St Gregory II, pope from 715 to 731, stood forth as a powerful defender of Roman authority against the encroachments of both the Byzantine Emperor Leo III and the Lombard King Liutprand.
His early career, however, had suggested a capable civil servant and academic rather than an outstanding leader of the Church.
Born into a rich Roman family around 669, and ordained sub-deacon by Pope Sergius I, Gregory held the posts of treasurer and librarian in the Church of Rome.
Not until 710, when Pope Constantine chose him as theological adviser at a conference in Constantinople, did Gregory attain any prominence.
Yet the scholarship, wisdom and strength of purpose he showed in this position immediately marked him out as papabile. Gregory duly became the first Roman pontiff to be elected after seven successive popes of Greek or Syrian background.
His contention with Leo III began when the emperor imposed harsh new taxes on the Romans, theoretically to pay for their defence from the Lombards.
The pope’s resistance to this imposition proved so effective that Leo ordered his arrest; the Roman militia, however, prevented this.
Then in 726 the Emperor, persuaded that sacred images were proving an obstacle to the conversion of Muslims and Jews, launched a campaign to destroy them.
This movement, known as Iconoclasm, encountered fierce resistance in Italy, with Gregory at its head. “The dogmas of the Church,” he informed Leo, “are the concern not of emperors but of the bishops, and they need to be defined with exactitude.”
“No pope,” Eamon Duffy observes, “had ever addressed an emperor in tones as defiant as those used by Gregory.” Indeed, in defending the rights of the Church the pontiff did not scruple to indulge in personal attack.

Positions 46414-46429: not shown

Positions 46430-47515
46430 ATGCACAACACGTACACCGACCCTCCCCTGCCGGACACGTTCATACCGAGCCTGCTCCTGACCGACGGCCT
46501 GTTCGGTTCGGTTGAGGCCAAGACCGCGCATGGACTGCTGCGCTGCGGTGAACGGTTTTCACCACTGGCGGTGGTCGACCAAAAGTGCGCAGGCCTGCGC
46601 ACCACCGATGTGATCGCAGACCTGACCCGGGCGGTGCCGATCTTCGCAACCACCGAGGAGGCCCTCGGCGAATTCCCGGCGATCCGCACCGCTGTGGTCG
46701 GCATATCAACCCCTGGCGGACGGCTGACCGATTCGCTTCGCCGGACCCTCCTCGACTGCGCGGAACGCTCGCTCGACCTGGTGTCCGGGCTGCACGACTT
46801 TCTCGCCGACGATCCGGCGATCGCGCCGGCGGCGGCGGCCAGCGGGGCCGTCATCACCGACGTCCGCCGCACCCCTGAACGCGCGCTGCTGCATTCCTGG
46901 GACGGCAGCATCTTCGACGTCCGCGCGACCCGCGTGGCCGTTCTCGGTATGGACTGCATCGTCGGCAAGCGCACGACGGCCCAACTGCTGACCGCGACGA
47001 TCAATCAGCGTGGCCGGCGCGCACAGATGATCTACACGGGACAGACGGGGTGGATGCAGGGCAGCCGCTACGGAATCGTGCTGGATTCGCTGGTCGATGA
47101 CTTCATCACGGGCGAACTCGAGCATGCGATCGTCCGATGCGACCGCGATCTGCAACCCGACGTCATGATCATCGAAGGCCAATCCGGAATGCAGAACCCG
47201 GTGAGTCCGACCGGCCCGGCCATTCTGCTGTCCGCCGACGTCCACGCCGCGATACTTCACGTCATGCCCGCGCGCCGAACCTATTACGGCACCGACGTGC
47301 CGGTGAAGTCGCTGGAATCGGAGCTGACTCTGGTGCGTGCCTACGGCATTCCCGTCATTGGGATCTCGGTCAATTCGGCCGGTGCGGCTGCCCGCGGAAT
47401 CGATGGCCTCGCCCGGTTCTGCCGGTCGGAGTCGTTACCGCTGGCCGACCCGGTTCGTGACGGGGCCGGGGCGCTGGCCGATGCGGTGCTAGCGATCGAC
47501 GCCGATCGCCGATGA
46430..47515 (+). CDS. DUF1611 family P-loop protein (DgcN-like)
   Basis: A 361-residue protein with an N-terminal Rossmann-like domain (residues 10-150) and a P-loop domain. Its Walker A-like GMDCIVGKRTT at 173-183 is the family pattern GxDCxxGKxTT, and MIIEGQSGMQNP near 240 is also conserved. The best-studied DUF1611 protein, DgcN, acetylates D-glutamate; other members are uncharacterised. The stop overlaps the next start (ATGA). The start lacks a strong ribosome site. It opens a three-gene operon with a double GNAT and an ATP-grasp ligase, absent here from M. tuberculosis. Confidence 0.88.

“You have no right to issue dogmatic constitutions,” he told Leo. “You have not the right mind for dogmas; your mind is too coarse and material.”
Meanwhile, King Liutprand took advantage of the division between pope and emperor to attempt to unite the whole of Italy under Lombard rule.
By 729 he was besieging Rome. Gregory, though, had strengthened the city’s fortifications, and was able to frustrate the invader.
Liutprand even gave up the province of Sutri, some 30 miles north of Rome, to the papacy, thus initiating the process by which popes became temporal as well as spiritual rulers.
Gregory also proved a great missionary pope. In 718 he sent St Boniface, a Devon man, to preach the Gospel in wild Germanic regions, where the Roman legions had failed to penetrate. Boniface did a great deal better with the Word of Christ, before being murdered in Frisia in 754.
In Rome, Gregory showed himself especially hospitable to English pilgrims, establishing a church, a school and a cemetery for them.